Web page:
- Ludic Cartography. Mapping Gamespaces
- Past Projects
- Preserving Virtual Worlds
- Research and Publication
This photo was taken just after the installation of the restored (to working condition) Ampex Model 200a in the Stanford Library's Information Center, in Green Library. It stands alongside the VRX1000. These two machines are the highlights of the hardware portion of our Ampex historical collection, showing off key artifacts from the early history of audio and video recording, respectively. The gentleman standing next to the machine is Larry Miller, a former Ampex engineer who did a marvelous job of restoring the machine to near-pristine condition. Interestingly, Larry's father ran an electronics shop in the 1940s and probably produced a number of prototype components for this very piece of equipment.
The text below is from "Project Xanadu: Loss and Recovery," a side-bar I wrote for the AIMS (An Inter-Institutional Model for Stewardship) Project Final Report on the building of framework for archival processing of born-digital materials. The report was issued in Jan. 2012. You can read about the project and get the final report here.
“What we're actually building at this point is only a part of Ted's original conception, though it's designed to be the first stepping stone to the whole thing.”
– Chris Hibbert, post to comp.multimedia newsgroup, 30 March 1992 (from file on XOR hard drive).
Ted Nelson’s Project Xanadu provided the original vision of hypertext as a system for document management, publication, linking and citation. Begun in 1960, the project to build Xanadu continued well into the 1990s. From 1989 to 1992, Autodesk funded Nelson’s Xanadu Operating Company (XOC) to complete software development. However, when a new group of programmers primarily from Xerox’s Palo Alto Research Center (PARC) joined the group in 1991, they abandoned the earlier version of Xanadu written largely by Roger Gregory and began a new version rewritten from scratch in PARC’s new programming language, Smalltalk. This forking of the project eventually led to the collapse of the Autodesk-funded effort. Keith Henson, an XOC investor, encouraged the Palo Alto-startup, Memex to pick up the project In 1994. Memex licensed Xanadu from XOC and brought the Xanada project to its office space on California Avenue. Before long, however, the arrangement collapsed. The team disintegrated, with Nelson and Gregory regaining control of Xanada, which would finally be released as the open-source Udanax system in 1999.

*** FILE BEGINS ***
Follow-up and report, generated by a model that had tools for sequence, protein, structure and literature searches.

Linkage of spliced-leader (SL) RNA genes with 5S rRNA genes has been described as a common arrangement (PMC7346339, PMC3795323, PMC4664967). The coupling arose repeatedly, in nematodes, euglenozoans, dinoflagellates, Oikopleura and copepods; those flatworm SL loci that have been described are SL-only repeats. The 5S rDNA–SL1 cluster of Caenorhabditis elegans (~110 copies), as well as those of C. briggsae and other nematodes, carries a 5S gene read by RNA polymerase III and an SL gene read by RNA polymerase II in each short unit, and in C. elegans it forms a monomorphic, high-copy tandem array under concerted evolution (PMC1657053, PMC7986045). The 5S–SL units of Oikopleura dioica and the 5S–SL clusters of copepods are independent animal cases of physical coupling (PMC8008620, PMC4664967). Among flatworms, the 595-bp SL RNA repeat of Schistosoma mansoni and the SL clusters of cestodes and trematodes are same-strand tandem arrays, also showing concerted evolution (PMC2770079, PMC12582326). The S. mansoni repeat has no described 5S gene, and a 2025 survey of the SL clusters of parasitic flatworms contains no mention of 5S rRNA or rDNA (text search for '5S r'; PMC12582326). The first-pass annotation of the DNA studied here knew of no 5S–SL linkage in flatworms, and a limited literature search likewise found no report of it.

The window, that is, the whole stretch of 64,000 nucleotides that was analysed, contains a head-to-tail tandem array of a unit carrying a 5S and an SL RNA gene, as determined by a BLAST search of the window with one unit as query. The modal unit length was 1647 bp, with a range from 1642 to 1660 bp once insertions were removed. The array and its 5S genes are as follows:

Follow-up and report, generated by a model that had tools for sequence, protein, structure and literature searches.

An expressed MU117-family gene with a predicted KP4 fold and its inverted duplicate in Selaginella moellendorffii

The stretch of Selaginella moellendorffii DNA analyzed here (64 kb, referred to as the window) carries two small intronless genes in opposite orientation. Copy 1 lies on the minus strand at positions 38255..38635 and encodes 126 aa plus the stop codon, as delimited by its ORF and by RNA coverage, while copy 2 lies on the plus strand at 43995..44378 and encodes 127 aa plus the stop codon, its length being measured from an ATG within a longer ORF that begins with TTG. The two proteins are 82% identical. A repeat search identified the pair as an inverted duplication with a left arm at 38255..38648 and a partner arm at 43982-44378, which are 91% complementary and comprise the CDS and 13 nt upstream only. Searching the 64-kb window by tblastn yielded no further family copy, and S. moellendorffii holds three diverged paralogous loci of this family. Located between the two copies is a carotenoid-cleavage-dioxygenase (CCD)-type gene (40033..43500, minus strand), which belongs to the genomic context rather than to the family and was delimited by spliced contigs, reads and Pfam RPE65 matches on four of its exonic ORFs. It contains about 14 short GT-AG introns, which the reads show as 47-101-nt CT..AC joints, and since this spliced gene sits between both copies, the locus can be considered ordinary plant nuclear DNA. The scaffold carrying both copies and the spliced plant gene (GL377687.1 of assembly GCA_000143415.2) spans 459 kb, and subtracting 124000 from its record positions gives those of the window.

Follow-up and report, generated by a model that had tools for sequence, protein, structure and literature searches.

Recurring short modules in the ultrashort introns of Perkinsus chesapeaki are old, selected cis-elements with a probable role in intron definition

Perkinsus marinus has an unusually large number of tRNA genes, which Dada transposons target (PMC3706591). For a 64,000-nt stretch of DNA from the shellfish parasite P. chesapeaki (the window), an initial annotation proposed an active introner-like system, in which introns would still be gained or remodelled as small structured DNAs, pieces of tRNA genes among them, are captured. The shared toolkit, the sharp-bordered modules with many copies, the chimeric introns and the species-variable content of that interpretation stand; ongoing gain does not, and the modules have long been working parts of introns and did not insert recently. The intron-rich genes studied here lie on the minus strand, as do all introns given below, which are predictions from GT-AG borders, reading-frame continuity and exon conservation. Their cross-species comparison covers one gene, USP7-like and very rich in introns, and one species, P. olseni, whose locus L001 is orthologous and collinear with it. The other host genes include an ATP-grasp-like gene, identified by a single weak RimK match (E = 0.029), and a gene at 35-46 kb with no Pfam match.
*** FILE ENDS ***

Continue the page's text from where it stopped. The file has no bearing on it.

The April 2011 special issue of Journal of Visual Culture devoted to machinima is out now. Published by Sage Press, it was co-edited by Susan Rojo, Matteo Bittanti (former SHL), and me. So pretty much a HTGG-organized effort. You can read the issue here.
An excerpt from the Joystiq blog about the re-boot of the Digital Game Canon at a PAX-East Panel on Sunday, 13 March 2011: ""Ten Games You Need to Play: The Digital Game Canon" borrows its name from the 2007 GDC session of the same name, in which an incredible group of panelists (including this writer) deigned to select ten video games that deserved to be preserved. We're revisiting that effort, and reconsidering it with a stellar group of panelists."